Campaign calls for more food waste to be fed to pigs

A new campaign, launched on World Environment day, is calling for a change in European law to allow pigs to be fed more food waste.

The Pig Idea campaign, which was initiated by chef Thomasina Miers and food waste expert from Feeding the 5000, Tristram Stuart, aims to restore public confidence in the practice of feeding surplus food to pigs, encourage the use of more legally permissible food waste as pig food, and start the process of changing European law to allow food waste to be diverted for use as pig feed.

The campaign is highlighting the fact that huge quantities of food waste are sent to landfill, while the Europe imports 40m tonnes of soya from Latin America every year to feed livestock. It claims that feeding pigs waste would solve both the environmental problem of food waste and soya production, and the food security issues related to feeding animals grains.

Tristram Stuart, Founder of Feeding the 5000, author and campaigner on food waste, said: “Humans have been recycling food waste by feeding it to pigs for thousands of years. Reviving this tradition will help to protect forests that are being chopped down to grow the millions of tonnes of soya we import from South America every year to feed our livestock."

Thomasina Miers, Chef at Wahaca, award winning sustainable restaurant, added: “Cutting down rainforest in the Amazon to grow pig feed for pigs in Europe makes no sense.  Let’s save all our delicious food waste and feed it to the pigs.  Not only will we be saving the rainforest (and slowing down climate change) but we’ll be bringing down the cost of pig feed and pork.  Let them eat waste!”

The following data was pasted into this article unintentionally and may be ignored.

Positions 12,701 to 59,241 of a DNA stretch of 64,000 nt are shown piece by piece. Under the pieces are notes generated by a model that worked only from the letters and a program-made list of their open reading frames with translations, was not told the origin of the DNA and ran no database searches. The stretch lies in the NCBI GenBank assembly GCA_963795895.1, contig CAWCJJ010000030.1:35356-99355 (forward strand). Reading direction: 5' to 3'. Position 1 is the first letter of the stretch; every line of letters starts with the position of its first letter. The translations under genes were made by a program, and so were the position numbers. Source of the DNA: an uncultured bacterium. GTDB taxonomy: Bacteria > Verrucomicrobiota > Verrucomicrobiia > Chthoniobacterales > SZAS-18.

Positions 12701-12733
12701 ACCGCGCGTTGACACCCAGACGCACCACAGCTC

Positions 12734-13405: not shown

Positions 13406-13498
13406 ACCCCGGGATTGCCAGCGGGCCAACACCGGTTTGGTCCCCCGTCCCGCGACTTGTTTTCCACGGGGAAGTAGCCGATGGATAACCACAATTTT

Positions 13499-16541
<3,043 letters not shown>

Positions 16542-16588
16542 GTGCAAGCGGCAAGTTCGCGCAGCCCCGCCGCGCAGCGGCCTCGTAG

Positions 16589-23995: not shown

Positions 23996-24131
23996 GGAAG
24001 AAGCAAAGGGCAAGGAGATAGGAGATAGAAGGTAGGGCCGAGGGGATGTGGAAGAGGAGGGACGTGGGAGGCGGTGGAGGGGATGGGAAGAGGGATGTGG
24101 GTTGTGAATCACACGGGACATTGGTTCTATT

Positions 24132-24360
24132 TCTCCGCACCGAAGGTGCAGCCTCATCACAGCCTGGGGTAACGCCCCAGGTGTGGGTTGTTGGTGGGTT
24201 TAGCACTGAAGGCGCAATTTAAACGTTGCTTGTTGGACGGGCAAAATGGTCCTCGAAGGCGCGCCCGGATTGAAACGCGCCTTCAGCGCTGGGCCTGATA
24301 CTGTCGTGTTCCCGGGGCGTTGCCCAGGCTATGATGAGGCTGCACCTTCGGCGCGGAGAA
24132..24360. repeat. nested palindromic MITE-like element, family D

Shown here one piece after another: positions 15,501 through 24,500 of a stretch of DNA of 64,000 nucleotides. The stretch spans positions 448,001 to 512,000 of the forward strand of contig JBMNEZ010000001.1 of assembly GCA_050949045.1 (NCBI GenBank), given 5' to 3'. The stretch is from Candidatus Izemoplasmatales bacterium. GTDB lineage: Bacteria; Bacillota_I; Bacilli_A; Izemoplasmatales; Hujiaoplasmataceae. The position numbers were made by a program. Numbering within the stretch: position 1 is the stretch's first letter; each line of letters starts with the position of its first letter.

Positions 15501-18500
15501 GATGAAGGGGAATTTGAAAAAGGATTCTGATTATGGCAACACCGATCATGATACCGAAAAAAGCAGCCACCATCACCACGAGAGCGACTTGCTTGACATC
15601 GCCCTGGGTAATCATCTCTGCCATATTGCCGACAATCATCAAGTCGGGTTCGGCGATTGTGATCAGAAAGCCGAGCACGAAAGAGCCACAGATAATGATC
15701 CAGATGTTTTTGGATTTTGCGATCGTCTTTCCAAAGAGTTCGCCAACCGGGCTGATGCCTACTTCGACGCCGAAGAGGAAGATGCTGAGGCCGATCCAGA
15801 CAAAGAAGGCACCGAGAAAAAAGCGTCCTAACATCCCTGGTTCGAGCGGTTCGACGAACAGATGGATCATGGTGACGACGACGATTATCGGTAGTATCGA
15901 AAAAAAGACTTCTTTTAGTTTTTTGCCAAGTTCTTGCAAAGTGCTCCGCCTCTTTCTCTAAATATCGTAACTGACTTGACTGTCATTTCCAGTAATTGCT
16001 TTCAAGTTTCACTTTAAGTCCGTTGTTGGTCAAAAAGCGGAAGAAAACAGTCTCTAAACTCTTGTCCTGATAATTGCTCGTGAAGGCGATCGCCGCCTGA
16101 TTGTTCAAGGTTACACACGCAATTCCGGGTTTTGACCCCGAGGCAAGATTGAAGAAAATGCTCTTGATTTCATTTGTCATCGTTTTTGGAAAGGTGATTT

The campaign has already won the support of small scale pig operations such as Helen Browning Organics and organisations such as Compassion in World Farming (CiWF).

“Food waste is one of the biggest scandals of our time. It is not only a humanitarian and environmental issue, but an animal welfare issue too. Sending vast quantities of food to landfill means that huge numbers of animals have effectively endured the misery of factory farming for nothing. Recycling properly treated food waste through pigs kept in decent conditions is a common sense way of feeding both pigs and people,” said Philip Lymbery, CiWF chief executive.

However, industry group the National Pig Association has raised concerns, warning that feeding pigs waste could increase the risk of notifiable diseases, such as foot-and-mouth, classical swine fever and African swine fever.

“We don’t want this campaign to give the public the mistaken impression that it is alright to feed waste food to pigs,” said NPA general manager Dr Zoe Davies. “We appreciate that the Pig Idea campaigners have the best of intentions and have been at pains to explain all the legal issues but we remain concerned that promoting the image of pigs eating waste food is unhelpful,”

The Pig Idea campaign stated that it would push for food waste to be “properly and safely treated” under supervision by enforcement agencies, and that only “properly sterilised” food waste would be used.

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